collaboration collusion and plagiarism in computer science
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Collaboration, collusion and plagiarism in computer science. Bob Fraser. Why Computer Science?. “The computer is a relentlessly unforgiving arbiter of correctness” (Roberts, 2002) Computer science asks students to find the correct solution or method

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why computer science
Why Computer Science?
  • “The computer is a relentlessly unforgiving arbiter of correctness” (Roberts, 2002)
  • Computer science asks students to find the correct solution or method
  • Stanford study: 37% of cheating cases are CS, 7% of students are CS (Roberts, 2002)
  • Collaboration
  • Collusion
  • Plagiarism
  • Mitigating dishonesty
  • Generally to be encouraged
  • Discussing course material with peers is a primary aspect of active learning
  • Line must be drawn so that collaboration doesn’t become excessive and negatively affect learning
  • Excessive collaboration
  • Definition is set by the course instructor
  • From Waterloo’s OAI:
    • “Clearly indicate if group collaboration is acceptable (and the level of collaboration permitted) or if students must do all work independently.”
  • Literary theft
  • Encompasses copying whether the original author is aware of it or not
  • In computer science, the best solution is often unique, exacerbating the problem
  • Many honest students err to heavily on the side of caution to avoid plagiarism
where is the line drawn
Where is the line drawn?
  • Student A doesn\'t know how to start the assignment and so he asks student B who helps him by showing him his own work. Student A writes up the assignment in his own words but there are some similarities with student B\'s work. (Barrett & Cox, 2005)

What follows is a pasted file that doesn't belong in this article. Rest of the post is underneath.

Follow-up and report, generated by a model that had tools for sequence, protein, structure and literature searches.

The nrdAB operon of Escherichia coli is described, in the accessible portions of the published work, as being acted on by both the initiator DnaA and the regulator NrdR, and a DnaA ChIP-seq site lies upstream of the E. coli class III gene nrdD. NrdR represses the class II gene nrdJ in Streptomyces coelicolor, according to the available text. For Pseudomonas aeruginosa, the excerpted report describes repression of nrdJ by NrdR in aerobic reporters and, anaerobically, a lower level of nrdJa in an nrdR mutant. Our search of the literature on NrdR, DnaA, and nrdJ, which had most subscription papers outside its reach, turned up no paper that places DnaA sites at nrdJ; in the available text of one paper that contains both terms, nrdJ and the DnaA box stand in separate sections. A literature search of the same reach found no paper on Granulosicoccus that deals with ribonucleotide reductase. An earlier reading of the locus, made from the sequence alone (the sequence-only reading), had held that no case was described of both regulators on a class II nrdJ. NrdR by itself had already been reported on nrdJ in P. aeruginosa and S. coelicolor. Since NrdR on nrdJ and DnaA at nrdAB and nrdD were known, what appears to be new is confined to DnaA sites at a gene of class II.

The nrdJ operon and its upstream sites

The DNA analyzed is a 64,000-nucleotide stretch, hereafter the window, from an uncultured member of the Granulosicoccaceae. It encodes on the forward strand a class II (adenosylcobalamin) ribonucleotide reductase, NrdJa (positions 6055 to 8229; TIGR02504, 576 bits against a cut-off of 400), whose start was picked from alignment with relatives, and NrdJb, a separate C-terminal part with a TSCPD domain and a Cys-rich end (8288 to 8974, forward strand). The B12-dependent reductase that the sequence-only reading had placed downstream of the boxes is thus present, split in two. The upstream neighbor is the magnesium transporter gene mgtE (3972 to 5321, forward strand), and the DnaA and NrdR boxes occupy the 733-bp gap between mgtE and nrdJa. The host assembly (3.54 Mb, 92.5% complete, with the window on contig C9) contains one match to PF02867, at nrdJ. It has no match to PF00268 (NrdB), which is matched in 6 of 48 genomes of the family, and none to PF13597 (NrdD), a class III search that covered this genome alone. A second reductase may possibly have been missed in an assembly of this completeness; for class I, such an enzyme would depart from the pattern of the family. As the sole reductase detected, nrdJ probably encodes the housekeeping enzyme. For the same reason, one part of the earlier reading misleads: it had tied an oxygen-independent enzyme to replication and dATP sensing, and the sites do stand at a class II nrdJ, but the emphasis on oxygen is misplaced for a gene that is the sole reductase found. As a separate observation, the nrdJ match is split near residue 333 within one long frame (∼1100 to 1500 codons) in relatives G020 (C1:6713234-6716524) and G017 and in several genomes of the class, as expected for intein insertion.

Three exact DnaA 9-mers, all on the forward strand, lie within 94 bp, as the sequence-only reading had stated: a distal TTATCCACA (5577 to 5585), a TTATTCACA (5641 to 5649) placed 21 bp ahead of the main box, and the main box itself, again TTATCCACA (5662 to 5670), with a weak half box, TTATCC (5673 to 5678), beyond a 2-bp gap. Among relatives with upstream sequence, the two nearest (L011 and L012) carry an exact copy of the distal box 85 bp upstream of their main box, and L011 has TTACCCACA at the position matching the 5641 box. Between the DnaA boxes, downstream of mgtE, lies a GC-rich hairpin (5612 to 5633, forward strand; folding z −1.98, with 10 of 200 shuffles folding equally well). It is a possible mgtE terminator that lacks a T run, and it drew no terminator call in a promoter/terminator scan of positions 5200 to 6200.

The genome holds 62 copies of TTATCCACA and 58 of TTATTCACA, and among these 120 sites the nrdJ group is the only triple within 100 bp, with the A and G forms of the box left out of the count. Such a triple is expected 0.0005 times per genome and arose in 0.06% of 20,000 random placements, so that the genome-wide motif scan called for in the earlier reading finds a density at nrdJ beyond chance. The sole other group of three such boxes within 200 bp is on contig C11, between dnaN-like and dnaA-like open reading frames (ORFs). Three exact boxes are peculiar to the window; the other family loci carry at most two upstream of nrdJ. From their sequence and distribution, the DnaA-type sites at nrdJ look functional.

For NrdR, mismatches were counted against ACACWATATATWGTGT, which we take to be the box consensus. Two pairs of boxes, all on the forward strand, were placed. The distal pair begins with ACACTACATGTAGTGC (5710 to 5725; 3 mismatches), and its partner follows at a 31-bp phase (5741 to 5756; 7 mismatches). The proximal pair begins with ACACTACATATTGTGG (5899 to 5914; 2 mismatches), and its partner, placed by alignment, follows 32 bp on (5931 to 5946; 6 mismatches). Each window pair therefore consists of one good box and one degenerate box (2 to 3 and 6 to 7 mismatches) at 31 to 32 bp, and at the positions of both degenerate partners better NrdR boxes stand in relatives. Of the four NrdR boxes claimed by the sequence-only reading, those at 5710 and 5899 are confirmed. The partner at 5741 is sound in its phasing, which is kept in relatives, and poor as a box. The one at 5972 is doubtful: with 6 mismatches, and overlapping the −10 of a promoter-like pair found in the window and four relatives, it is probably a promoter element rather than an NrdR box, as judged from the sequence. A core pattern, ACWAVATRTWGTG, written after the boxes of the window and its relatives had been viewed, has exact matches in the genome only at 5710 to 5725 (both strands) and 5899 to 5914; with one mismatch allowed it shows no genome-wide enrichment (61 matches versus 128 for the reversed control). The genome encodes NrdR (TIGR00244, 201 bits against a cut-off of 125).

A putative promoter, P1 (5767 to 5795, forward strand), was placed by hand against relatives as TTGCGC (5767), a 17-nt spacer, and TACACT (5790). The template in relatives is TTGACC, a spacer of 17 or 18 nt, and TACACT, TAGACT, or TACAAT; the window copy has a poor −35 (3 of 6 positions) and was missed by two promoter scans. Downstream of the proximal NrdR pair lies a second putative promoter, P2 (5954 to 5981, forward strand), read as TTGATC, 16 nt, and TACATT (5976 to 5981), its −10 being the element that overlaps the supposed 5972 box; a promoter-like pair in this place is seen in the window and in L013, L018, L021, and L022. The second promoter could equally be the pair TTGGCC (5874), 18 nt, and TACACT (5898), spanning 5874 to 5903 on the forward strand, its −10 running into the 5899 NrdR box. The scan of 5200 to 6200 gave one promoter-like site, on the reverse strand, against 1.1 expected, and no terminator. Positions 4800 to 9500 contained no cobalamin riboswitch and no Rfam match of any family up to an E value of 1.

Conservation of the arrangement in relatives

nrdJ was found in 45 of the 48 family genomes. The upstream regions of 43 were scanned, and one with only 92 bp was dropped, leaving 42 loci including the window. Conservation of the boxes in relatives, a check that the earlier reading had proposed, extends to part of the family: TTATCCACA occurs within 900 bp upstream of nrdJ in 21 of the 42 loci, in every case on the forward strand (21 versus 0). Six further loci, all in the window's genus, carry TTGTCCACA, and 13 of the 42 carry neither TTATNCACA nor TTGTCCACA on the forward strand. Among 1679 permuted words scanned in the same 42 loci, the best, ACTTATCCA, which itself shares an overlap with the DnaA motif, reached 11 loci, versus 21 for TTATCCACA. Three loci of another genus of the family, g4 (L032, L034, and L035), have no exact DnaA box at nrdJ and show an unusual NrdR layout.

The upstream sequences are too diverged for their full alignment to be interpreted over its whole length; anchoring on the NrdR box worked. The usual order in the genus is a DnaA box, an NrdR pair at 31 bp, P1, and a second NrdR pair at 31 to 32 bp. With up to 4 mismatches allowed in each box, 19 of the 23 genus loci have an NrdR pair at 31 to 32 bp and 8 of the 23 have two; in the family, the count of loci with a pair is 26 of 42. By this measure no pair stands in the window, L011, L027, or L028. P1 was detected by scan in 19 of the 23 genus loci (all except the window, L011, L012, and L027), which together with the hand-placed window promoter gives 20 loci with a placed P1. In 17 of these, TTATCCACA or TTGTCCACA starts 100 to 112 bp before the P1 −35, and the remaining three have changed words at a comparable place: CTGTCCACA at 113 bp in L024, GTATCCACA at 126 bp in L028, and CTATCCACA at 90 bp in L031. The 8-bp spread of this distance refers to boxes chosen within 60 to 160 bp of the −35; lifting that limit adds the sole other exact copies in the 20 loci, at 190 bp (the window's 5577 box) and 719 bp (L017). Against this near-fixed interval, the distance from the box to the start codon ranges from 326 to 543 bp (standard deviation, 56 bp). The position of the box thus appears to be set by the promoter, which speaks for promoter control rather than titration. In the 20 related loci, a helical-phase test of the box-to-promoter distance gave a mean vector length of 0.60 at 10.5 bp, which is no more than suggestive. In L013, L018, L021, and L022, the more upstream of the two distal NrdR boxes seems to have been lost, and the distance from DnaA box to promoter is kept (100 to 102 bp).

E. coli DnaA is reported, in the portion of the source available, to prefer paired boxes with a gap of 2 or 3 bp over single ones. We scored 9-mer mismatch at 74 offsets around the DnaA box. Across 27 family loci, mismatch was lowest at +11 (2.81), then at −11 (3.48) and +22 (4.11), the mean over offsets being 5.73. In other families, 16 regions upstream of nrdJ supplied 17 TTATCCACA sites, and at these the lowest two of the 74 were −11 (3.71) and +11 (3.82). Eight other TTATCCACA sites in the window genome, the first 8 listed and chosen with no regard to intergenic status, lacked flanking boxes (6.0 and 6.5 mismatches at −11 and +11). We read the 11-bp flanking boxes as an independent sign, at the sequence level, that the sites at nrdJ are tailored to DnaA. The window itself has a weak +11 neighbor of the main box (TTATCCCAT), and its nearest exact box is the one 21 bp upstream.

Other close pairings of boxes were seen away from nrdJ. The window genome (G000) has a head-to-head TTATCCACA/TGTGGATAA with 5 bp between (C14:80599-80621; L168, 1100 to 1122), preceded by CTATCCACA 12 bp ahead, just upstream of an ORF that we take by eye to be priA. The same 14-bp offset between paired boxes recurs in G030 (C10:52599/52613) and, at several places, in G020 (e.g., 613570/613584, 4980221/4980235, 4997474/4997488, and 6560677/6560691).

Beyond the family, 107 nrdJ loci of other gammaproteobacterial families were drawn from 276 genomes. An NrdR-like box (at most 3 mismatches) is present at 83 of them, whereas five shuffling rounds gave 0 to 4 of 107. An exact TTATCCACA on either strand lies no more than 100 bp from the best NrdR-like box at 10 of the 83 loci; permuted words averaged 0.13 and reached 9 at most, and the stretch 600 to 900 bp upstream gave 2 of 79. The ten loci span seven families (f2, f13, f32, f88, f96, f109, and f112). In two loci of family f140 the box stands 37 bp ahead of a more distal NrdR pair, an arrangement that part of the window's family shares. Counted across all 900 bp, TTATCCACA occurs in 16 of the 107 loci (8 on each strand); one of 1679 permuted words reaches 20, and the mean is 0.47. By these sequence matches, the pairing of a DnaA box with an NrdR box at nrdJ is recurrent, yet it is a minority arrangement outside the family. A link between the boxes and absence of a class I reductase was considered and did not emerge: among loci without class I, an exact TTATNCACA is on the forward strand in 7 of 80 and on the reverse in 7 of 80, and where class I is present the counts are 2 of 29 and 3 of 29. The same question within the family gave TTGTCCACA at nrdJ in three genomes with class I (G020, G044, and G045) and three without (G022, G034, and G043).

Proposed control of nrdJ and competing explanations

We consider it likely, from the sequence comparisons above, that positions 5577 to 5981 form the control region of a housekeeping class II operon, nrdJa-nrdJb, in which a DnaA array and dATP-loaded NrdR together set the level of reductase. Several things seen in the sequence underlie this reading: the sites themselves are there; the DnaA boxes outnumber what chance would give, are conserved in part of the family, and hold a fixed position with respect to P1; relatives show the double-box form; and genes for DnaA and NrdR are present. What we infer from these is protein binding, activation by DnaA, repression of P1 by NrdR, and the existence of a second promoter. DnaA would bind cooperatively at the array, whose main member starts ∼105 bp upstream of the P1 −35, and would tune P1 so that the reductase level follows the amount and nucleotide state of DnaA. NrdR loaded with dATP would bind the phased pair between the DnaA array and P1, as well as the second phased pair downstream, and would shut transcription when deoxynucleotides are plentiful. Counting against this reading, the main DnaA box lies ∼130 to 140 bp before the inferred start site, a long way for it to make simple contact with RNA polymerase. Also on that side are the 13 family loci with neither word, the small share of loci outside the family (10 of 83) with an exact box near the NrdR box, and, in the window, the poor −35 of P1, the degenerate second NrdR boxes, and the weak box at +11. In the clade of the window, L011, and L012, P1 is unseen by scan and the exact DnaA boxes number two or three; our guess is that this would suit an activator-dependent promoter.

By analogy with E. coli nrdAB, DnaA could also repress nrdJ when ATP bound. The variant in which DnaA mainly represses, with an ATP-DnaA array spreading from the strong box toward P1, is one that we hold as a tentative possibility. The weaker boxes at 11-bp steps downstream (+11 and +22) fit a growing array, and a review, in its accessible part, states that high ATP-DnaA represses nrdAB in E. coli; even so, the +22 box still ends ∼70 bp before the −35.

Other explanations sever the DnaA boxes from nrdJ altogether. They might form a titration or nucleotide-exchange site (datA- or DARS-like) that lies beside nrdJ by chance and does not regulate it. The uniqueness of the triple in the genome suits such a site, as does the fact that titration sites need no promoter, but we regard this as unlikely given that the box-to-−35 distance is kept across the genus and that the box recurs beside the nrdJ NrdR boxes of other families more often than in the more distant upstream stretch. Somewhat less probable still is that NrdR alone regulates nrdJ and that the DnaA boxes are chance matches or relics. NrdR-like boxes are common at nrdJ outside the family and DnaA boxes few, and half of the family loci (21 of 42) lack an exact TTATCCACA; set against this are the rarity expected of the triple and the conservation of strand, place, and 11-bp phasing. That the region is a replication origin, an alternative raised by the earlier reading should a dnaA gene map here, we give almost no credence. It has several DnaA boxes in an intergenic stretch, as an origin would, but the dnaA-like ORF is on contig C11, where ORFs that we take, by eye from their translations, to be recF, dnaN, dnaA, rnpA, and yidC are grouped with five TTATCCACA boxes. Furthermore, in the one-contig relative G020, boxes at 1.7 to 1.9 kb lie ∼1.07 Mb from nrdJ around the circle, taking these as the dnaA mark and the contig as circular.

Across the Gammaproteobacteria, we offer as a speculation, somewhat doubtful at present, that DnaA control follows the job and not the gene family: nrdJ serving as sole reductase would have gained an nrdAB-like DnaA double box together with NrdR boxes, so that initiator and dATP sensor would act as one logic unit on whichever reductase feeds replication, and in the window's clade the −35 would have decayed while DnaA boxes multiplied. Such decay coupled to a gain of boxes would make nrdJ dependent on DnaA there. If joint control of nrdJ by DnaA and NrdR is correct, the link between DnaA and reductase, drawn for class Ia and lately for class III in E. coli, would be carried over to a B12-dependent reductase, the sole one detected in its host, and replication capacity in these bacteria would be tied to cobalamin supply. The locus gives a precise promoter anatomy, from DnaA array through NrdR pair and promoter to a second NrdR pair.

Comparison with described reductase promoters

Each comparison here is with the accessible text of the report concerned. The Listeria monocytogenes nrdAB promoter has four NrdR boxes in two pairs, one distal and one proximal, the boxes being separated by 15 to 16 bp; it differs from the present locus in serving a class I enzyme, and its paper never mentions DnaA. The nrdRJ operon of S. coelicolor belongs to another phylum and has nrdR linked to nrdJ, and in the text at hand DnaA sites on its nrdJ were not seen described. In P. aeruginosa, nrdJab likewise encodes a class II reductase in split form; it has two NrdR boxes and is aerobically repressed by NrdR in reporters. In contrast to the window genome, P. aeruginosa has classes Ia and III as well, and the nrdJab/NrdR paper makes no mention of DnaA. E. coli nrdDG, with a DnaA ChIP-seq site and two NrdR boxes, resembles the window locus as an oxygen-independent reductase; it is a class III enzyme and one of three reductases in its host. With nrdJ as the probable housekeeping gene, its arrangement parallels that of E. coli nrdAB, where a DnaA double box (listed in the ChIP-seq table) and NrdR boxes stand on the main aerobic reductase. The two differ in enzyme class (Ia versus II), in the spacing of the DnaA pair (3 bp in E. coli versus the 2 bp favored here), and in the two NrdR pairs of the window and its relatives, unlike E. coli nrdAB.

• Make the rules clear – the onus is on you
  • Methods:
    • Appeal to their maturity
    • Detect & punish cheaters
    • Emphasize ILOs
    • Improve tutorials
    • Regular quizzes
appealing to maturity
Appealing to Maturity

“cheating isn\'t bad because it only hurts you at test time”

Palazzo et al. (2010)

detection discipline
Detection & Discipline
  • Students are less likely to cheat if they believe that they may be caught and punished (although zero tolerance is too far)
  • Many professors have looked the other way for various reasons
  • Waterloo encourages the use of Turnitin
intended learning outcomes
Intended Learning Outcomes
  • Emphasize the value of the assignment and how it fits in the course
  • Students who see the purpose and value of their work are less likely to cheat
  • It may be worthwhile to explicitly state the ILOs on the assignment
  • Students should be encouraged to collaborate
  • Students should be given a precise definition of what is acceptable behaviour
  • Courses can be improved to reduce cheating and improve learning
  • Bob Fraser->publications
  • Key References
    • Barrett, R., & Cox, A. L. (2005). At least they are learning something: the hazy line between collaboration and collusion. Assessment & Evaluation in Higher Education, 30 (2), 107-122.
    • Palazzo, D. J., Lee, Y.-J., Warnakulasooriya, R., & Pritchard, D. E. (2010). Patterns, correlates, and reduction of homework copying. Phys. Rev. ST Phys. Educ. Res., 6 (1), 010104-1-010104-11.
    • Roberts, E. (2002). Strategies for promoting academic integrity in CS courses. Frontiers in Education Annual, 3 , F3G14-19.
    • University of Waterloo Office of Academic Integrity